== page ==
On August 28, workers at Gupco also expressed their frustration towards the general notion of temporary appointments and their affiliation to Epesco. According to Al-Shorouk independent newspaper, workers–in all of the company’s departments-have agreed to protest in the Raas Shukheir area by the Red Sea, threatening to stop drilling any wells as long as their demands are not met. As a result, the Petroleum Air Services (PAS), a Cairo-based airline that provides the oil industry with support services and helicopter operations, suspended all its trips to field areas in Suez.
Bayoumy Moustafa, a worker protesting in front of Petroject, told the Daily News Egypt newspaper as he joins the protest, that almost 400 workers have turned redundant in the span of the past two years. “We have held sit-ins and spoken to officials, no one is responding to us”. As simple their aspirations seem to be, Moustafa’s utmost hope is to get back to his job for the sake of his family. “We just want to go back to our jobs and make a living, our children are hungry,” he said.
In Petrotrade, a recent strike was organized on 25 September where workers called for revisiting their contracts and resettling their employment conditions. Many protesters have also been demanding the resignation of Saaed Moustafa, Chairman of Petrotrade, for breaking his promises with the group of dismissed and laid off workers, who have been appealing to him to resettle their cases. In a blog launched by the high committee for coordinating Petrotrade’s workers’ issues, bringing together many of the company’s protesters in one platform, workers have been criticizing the company’s head as well as censuring the regulations set in the company’s internal charter. “Rules state that a worker who has graduated from the faculty of trade should prove at the same time the he has completed his secondary education in a technical school. It is funny how the chairman of the company is a graduate of the faculty of media,” wrote one of the angry protesters. Workers praise how easy the procedures are in companies like Botagazco, Seyanko and Epesco with regards to resettling the workers’ conditions.
The blog also cites a recent report published in Al-Shorouk newspaper that reveals the corruption of 180 chairmen of large oil companies in Egypt, with claims they have illegally profited millions of pounds in addition to numerous benefits. Sources have told Al-Shorouk that monitoring organizations have spotted LE2 billion allocated only for chairmen’s ultra-luxurious cars. Reports have also shown that many oil companies have been accepting amounts that range between LE100 and LE1000 as a price for not attending one committee session that usually discuss issues related to sales and safety. Sources revealed that one of the companies have managed to collect about LE18 million while suspending the committee sessions for almost six months.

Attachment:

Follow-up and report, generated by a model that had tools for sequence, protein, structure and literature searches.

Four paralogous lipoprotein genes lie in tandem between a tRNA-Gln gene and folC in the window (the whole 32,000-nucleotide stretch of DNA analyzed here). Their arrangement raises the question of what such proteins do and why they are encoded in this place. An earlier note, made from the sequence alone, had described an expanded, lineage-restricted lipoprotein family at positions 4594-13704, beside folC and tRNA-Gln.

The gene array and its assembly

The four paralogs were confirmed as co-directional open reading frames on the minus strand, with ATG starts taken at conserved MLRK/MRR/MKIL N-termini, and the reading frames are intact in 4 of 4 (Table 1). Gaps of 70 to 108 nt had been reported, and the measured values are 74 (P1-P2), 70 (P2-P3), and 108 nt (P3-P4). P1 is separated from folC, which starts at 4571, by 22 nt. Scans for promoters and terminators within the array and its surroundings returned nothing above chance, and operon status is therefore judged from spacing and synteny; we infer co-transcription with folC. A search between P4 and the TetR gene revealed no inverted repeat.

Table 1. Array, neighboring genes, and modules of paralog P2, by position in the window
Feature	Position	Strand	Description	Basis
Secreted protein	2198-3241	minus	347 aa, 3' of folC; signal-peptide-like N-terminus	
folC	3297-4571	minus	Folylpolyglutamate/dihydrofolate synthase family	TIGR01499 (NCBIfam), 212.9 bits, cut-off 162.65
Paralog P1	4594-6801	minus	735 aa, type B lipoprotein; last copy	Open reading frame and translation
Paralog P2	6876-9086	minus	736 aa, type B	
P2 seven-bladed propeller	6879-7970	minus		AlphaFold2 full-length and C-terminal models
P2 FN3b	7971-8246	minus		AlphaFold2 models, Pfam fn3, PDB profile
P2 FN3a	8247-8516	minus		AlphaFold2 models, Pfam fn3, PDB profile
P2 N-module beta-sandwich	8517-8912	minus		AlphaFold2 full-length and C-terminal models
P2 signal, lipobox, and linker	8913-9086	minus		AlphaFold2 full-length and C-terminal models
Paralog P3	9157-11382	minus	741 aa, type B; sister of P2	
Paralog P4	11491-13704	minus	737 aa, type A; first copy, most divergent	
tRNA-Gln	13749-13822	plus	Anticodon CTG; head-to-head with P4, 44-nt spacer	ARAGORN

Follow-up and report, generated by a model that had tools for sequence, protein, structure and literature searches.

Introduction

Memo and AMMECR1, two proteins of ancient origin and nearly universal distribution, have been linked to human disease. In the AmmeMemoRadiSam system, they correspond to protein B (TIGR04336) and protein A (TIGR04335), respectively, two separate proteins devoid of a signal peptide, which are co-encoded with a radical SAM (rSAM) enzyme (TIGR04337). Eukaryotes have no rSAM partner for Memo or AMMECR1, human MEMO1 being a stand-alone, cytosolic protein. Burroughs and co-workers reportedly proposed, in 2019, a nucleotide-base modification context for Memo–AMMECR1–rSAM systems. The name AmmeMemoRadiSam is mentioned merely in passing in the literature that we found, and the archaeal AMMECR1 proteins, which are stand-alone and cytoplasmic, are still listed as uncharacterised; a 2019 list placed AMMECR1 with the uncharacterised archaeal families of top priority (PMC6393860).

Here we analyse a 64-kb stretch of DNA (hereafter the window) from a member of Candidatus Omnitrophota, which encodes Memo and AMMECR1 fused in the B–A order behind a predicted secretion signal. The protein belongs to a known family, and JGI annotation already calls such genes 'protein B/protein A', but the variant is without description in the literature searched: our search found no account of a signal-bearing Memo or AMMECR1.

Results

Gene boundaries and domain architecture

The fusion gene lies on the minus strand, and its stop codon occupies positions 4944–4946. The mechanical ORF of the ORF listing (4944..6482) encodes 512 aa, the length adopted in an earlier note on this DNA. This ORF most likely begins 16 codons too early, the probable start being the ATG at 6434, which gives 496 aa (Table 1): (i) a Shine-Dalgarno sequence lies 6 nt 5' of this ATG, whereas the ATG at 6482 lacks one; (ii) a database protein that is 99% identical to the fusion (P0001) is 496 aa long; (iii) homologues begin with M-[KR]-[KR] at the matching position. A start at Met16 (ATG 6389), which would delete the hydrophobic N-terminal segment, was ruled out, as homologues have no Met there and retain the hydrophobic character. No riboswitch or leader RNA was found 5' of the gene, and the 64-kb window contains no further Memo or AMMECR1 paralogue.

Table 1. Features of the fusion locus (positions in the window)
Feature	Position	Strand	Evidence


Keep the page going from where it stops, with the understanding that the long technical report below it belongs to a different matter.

Meanwhile, workers of the major oil companies have announced an open strike in front of the presidential palace. They call for the implementation of the decision issued on 1 March 2011 that grants them the right of permanent appointment in their companies.
The issue of worker’s rights was expected to ignite in the wake of the revolution, particularly in light of the left-leaning, egalitarian values and demands touted during the uprising. As the working classes work to shift the balance and recalibrate distribution of wealth to a scale they deem acceptable, the government and the ministry of petroleum in particular will be forced to put out fires to avoid catastrophe. So far, strikes and protests have not had a crushing effect on productivity in the sector, but of the cogs in the wheel of production get any more agitated, the sector might find itself hit with a blow it cannot handle. The petroleum sector will eventually adapt to the new scheme of things just like all of the other sectors, but until then, the ministry will have to keep running contingencies to steer the industry through dangerous waters.
By Ethar Chalaby